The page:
Saturday, July 8, 2017

OK It's Almost Time

Summer time goes so quickly! Here is the trajectory.

1. A couple of weeks for children and parents to adjust and settle into summer.
2. Swim lessons
3. Summer camp
4. Summers sports leagues/camps/2 a day practices
5. Family Vacation
6. Vacation Bible School
7. Summer reading and library visits
8. Go to the pool
9. Camping on the weekends
10. And BACK TO SCHOOL shopping!

My friends who are teachers tell me they need to start preparing for fall after July Fourth. I learned this more last summer than any year in the past. I was getting my son ,who is diagnosed with a disability, prepared to go away from home to college. He was going 6 hours from home so I needed to make sure He had what he needed in his dorm room. I couldn't just drop by and bring him something.

Last summer, I researched, purchased and packed. This summer, I want to figure out exactly what I did and document it. I'll share this with my readers over the next few weeks.

My thought initially was to make my son's room and supplies easily accessible. He would have so many challenges managing all the change and new situations that his room could be a place of Predictability. It worked out well for him.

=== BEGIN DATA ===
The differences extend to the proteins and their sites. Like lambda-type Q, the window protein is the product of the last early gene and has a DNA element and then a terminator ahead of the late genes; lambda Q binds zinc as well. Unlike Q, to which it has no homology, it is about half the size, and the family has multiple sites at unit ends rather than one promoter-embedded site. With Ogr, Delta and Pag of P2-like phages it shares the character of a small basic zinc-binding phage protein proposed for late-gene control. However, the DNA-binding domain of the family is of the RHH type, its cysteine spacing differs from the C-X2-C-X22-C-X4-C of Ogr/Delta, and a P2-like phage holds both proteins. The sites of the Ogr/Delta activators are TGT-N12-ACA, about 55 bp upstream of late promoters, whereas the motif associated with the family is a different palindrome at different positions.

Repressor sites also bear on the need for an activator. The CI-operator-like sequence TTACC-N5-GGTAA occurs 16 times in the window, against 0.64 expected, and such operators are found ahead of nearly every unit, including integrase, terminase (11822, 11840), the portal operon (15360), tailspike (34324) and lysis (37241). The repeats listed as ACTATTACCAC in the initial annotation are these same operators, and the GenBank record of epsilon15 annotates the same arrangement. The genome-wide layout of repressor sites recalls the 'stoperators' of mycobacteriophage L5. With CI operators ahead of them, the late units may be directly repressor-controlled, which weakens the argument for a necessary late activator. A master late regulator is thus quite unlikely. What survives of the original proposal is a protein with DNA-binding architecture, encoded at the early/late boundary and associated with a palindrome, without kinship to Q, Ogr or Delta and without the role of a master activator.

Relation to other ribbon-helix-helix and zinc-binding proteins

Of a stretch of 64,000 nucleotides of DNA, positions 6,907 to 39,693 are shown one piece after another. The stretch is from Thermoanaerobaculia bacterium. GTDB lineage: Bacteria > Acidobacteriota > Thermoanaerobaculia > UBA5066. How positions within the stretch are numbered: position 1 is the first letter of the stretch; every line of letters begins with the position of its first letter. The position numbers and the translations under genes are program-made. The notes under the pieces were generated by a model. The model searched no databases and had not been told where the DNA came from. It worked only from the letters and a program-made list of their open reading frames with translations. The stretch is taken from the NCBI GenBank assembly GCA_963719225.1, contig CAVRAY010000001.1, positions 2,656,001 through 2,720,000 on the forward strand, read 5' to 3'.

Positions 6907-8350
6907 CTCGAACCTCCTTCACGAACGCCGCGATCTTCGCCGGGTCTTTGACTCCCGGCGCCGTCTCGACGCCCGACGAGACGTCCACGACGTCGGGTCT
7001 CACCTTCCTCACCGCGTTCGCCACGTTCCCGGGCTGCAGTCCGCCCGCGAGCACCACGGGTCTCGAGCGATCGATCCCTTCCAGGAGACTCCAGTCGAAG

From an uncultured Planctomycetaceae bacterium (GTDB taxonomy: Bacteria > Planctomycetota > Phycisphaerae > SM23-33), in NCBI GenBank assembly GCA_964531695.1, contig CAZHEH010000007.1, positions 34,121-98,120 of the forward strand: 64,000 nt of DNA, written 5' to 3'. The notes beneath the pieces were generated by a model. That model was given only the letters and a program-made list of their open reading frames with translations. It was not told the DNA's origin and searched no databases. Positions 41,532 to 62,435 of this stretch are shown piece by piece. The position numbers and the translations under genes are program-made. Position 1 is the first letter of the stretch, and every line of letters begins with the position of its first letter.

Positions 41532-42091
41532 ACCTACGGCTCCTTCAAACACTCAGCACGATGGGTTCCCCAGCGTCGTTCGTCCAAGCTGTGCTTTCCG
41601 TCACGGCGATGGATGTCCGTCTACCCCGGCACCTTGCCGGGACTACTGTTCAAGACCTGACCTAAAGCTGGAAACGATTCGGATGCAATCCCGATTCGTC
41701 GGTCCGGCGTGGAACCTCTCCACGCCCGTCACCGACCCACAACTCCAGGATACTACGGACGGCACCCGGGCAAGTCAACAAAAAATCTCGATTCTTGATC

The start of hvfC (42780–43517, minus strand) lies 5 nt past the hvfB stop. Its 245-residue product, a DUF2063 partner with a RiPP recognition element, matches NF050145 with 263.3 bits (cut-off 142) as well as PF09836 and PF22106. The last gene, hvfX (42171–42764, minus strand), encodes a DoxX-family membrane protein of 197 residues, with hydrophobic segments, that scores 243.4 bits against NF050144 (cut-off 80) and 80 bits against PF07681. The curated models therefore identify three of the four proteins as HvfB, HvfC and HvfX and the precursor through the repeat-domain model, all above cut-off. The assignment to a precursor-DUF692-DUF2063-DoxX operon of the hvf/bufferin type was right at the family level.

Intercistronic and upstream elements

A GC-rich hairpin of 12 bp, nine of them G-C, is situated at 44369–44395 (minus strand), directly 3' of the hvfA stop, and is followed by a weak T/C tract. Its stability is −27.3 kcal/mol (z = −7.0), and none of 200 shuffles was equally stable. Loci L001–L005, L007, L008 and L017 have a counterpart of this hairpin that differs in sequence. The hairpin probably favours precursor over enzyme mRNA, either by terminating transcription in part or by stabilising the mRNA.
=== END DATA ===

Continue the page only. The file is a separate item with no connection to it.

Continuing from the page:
See you next week as we start the "Off to College" Series.

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Friday, June 16, 2017

Summer Stress

The first couple weeks of summer vacation are exhausting! They are hard for all mom's but those families have a child with learning differences: it can be really difficult. If you are ready to wave the white flag----hold on for a little while longer. You don't have to give in to all of your child's demands just to survive the summer. But why is it so hard?




Let's take a step back and look at things from your child's perspective.

1. This is change. It's actually a pretty radical change. There has not been more than 6-7 schools days off at a time for nine months. This is going to last for a while. It might be a little upsetting to the child's system.

2. Life at home is never as structured as the day at school. Most children with learning differences thrive on structure. It is a dependable schedule giving a child a sense of what to expect. In the summer, many days and weeks don't resemble each other. This is true for children who go to the same daycare as they do before and after school care. It is true if there is a babysitter at your house.

3. School age children are use to being gone without demands from home for several hours a day. It's an independence that has been lost. All the demands come from mom, dad, a grandparent or a sitter/nanny. There is not as much break from these people.